Fake honey has existed for a long time, but it’s now a big money-making business. With all the health benefits of honey coming to light recently, honey and its fake counterparts have been flying off the shelves! Where there’s demand, companies will find a way to capitalize on it.
That honey you buy at the grocery store (even the expensive ones!) may or may not be the real deal. And no, fake honey doesn’t give you the same health benefits.
False Advertising Laws
You may think that being smart and reading the labels will save you from this mistake, but that would be putting too much faith in the FDA. The Food and Drug Administration requires proper labeling, but companies find ways around it.
Most fake honey starts as real honey, but it gets ultra-filtered until there’s often not a hint of pollen in it anymore, which means, by definition, these products are not honey anymore. However, it’s still perfectly legal to call it honey.
Here are a few tests to see if you’re getting ripped off or not.
First of all, pure honey isn’t soluble, so when you’re mixing it into your hot tea, it’s not dissolving. When it’s hot and well-stirred though, pure honey can spread out so incredibly thinly that you can’t even tell it’s separate from the water.
- Try heating up some water and stirring in a spoonful of your honey. Once your cup cools, if there’s no honey visible in the bottom, it’s fake!
- You could also try dripping a dot of honey onto a piece of paper or a napkin. Real honey will stay there. The napkin will absorb the water out of fake honey, though, so if your dot looks wet around the edges, you’ve got yourself fake honey.
- Make yourself a peanut (or almond!) butter and honey sandwich. Put the honey on the bread, though, not on the nut butter. Just like the napkin test, the water in fake honey will seep out of it, and you’ll have a soggy sandwich. However, with real honey, your bread integrity will remain intact. Don’t let it sit too long, though, or the bread will solidify.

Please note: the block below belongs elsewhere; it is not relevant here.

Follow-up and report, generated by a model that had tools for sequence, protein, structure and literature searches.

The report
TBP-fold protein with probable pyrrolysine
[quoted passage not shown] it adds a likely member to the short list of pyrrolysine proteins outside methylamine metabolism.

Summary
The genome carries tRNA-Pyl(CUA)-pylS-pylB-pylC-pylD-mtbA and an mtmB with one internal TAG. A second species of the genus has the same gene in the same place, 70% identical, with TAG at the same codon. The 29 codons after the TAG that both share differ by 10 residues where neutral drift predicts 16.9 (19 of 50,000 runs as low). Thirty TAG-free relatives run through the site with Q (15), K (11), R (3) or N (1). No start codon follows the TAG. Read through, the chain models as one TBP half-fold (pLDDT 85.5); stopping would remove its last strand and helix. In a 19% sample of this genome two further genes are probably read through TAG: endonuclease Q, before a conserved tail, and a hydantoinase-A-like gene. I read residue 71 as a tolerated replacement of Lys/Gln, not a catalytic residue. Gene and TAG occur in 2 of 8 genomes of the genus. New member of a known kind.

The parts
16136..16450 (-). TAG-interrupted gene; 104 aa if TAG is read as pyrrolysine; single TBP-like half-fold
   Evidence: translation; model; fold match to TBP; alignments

If you’re a fan of microwave experiments and good ol’ fire like I am, these next tests are for you! Heat it up!
- Make sure you’ve got a microwave-safe container and heat up a few spoonfuls. Microwaves use radio waves to vibrate the water molecules in food to make it hot. Fake honey’s high water content will cause it to boil, making it foam like a science-fair volcano. However, real honey also has water in it, so it might get a bit of foam on top, too.
- If you thought honey couldn’t get any better, think again! Cooking sugar turns it to caramel, and honey is sugar. Use the stove this time. Fake honey will just boil and foam, but real honey caramelizes pretty quickly.
- I saved the best for last. Dip a q-tip in your honey and light it up! Real honey burns, while fake honey’s water content is too high, and the flame won’t catch.
Have you ever put honey in the refrigerator? It’s not recommended. Honey eventually crystallizes, and putting it in the refrigerator will speed up that process. Whereas it might take a few years for honey stored in a cupboard to start forming chunky (delicious!) crystals, it will happen in a few days in the fridge. Fake honey, however, will not crystallize.
Don’t worry, you can warm up the honey in a microwave, and it will turn back to regular old delicious liquid honey.Related: 9 Reasons You Need Manuka Honey